When Peter Hessler went to China in the late 1990s, he expected to spend a couple of peaceful years teaching English in the town of Fuling on the Yangtze River. But what he experienced -- the natural beauty, cultural tension, and complex process of understanding that takes place when one is thrust into a radically different society -- surpassed ...
When Peter Hessler went to China in the late 1990s, he expected to spend a couple of peaceful years teaching English in the town of Fuling on the Yangtze River. But what he experienced -- the natural beauty, cultural tension, and complex process of understanding that takes place when one is thrust into a radically different society -- surpassed anything he could have imagined. Hessler observes firsthand how major events such as the death of Deng Xiaoping, the return of Hong Kong to the mainland, and the controversial construction of the Three Gorges Dam have affected even the people of a remote town like Fuling. Poignant, thoughtful and utterly compelling, 'River Town' is an unforgettable portrait of a place caught mid-river in time, much like China itself -- a country seeking to understand both what it was and what it will one day become.
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I really enjoyed the intimate view this book offers into the lives of those in rural China, as well as what it is like to be a peace corps volunteer. In this book, Hessler offers a window into Chinese culture , history and thought processes. It is an excellent opportunity to understand how the Chinese view the US. Like any good teacher,Hessler gently pushes his students to expand their thought beyond the narrow boundaries of their lives. Hessler describes for us the experience of standing out in a crowd, something we rarely experience here in the US. I enjoyed the book, and would recommend it to anyone wanting to learn more about the foundations of life in China.
Nov 11, 2007
Enduring & growing on the Yangtze
I felt I was with Peter Hessler during his 2 year sojourn in Sichuan, China. It made me begin to learn to write Mandarin myself and think about dumplings as a separate entity. It was deep and thorough and told through understanding eyes but never forgetting that he wasn't a part of it, he was an American. He was a credit to the U.S. and I admired and envied his experience and often thought about the book when I wasn't even reading it.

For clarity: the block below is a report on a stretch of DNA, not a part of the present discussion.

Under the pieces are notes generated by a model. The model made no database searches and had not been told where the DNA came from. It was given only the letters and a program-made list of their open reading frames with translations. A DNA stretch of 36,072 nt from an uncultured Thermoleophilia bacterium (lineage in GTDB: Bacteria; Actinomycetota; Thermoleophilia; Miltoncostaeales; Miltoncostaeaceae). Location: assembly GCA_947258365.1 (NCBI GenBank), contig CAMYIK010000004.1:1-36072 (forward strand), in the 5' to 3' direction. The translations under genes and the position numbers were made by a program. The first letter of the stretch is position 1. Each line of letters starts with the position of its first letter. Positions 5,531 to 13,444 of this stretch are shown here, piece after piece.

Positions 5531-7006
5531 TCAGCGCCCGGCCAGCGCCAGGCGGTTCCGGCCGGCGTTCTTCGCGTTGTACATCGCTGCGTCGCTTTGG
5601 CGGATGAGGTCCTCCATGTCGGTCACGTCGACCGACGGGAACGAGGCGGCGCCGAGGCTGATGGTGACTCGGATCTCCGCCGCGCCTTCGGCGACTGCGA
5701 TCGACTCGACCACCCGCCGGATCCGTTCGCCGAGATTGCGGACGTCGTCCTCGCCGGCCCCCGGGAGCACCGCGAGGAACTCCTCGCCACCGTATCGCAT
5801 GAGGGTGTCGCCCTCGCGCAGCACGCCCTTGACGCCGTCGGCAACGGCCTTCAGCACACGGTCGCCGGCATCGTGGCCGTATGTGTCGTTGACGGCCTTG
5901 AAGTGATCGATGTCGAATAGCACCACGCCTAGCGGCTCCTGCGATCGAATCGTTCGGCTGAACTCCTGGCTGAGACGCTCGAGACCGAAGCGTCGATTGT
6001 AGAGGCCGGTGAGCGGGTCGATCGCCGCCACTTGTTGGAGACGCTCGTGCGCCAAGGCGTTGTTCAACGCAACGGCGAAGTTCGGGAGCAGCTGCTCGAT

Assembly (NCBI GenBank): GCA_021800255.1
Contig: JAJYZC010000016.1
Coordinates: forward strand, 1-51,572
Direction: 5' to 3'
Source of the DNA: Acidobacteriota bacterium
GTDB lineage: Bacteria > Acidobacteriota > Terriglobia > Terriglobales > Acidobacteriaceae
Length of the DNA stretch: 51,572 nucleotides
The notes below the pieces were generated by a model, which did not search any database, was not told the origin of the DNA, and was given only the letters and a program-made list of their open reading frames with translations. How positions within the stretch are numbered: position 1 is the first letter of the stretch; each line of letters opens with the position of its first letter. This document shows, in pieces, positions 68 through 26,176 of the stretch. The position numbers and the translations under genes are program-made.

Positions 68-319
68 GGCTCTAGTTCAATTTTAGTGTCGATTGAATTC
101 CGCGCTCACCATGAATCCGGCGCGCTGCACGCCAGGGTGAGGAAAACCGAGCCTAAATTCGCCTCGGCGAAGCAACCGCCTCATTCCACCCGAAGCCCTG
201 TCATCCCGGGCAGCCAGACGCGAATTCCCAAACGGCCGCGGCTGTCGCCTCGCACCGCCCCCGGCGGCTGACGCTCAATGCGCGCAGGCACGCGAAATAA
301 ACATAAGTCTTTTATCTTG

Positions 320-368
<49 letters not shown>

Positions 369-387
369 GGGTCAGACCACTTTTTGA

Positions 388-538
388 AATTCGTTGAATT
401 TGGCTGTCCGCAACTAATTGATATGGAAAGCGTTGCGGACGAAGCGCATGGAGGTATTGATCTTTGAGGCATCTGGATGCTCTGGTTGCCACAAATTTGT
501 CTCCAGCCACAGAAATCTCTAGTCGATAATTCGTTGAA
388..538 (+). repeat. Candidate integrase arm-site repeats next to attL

Publishers Weekly, 2000-12-11 In China, the year 1997 was marked by two momentous events: the death of Deng Xiaoping, the country's leader for two decades, and the return of Hong Kong after a century and a half of British rule. A young American who spent two years teaching English literature in a small town on the Yangtze, Hessler observed these events through two sets of eyes: his own and those of his alter ego, Ho Wei. Hessler sees China's politics and ceremony with the detachment of a foreigner, noting how grand political events affect the lives of ordinary people. The passing of Deng, for example, provokes a handful of thoughtful and unexpected essays from Hessler's students. The departure of the British from Hong Kong sparks a conversational "Opium War" between him and his nationalist Chinese tutor. Meanwhile, Ho Wei, as Hessler is known to most of the townspeople, adopts a friendly and unsophisticated persona that allows him to learn the language and culture of his surroundings even as Hessler's Western self remains estranged. The author conceives this memoir of his time in China as the collaborative effort of his double identity. "Ho Wei," he writes, "left his notebooks on the desk of Peter Hessler, who typed everything into his computer. The notebooks were the only thing they truly shared." Yet it's clear that, for Hessler, Ho Wei is more than a literary device: to live in China, he felt compelled to subjugate his real identity to a character role. Hessler has already been assured the approval of a select audience thanks to the New Yorker's recent publication of an excerpt. (Feb.) (c) Copyright PWxyz, LLC. All rights reserved
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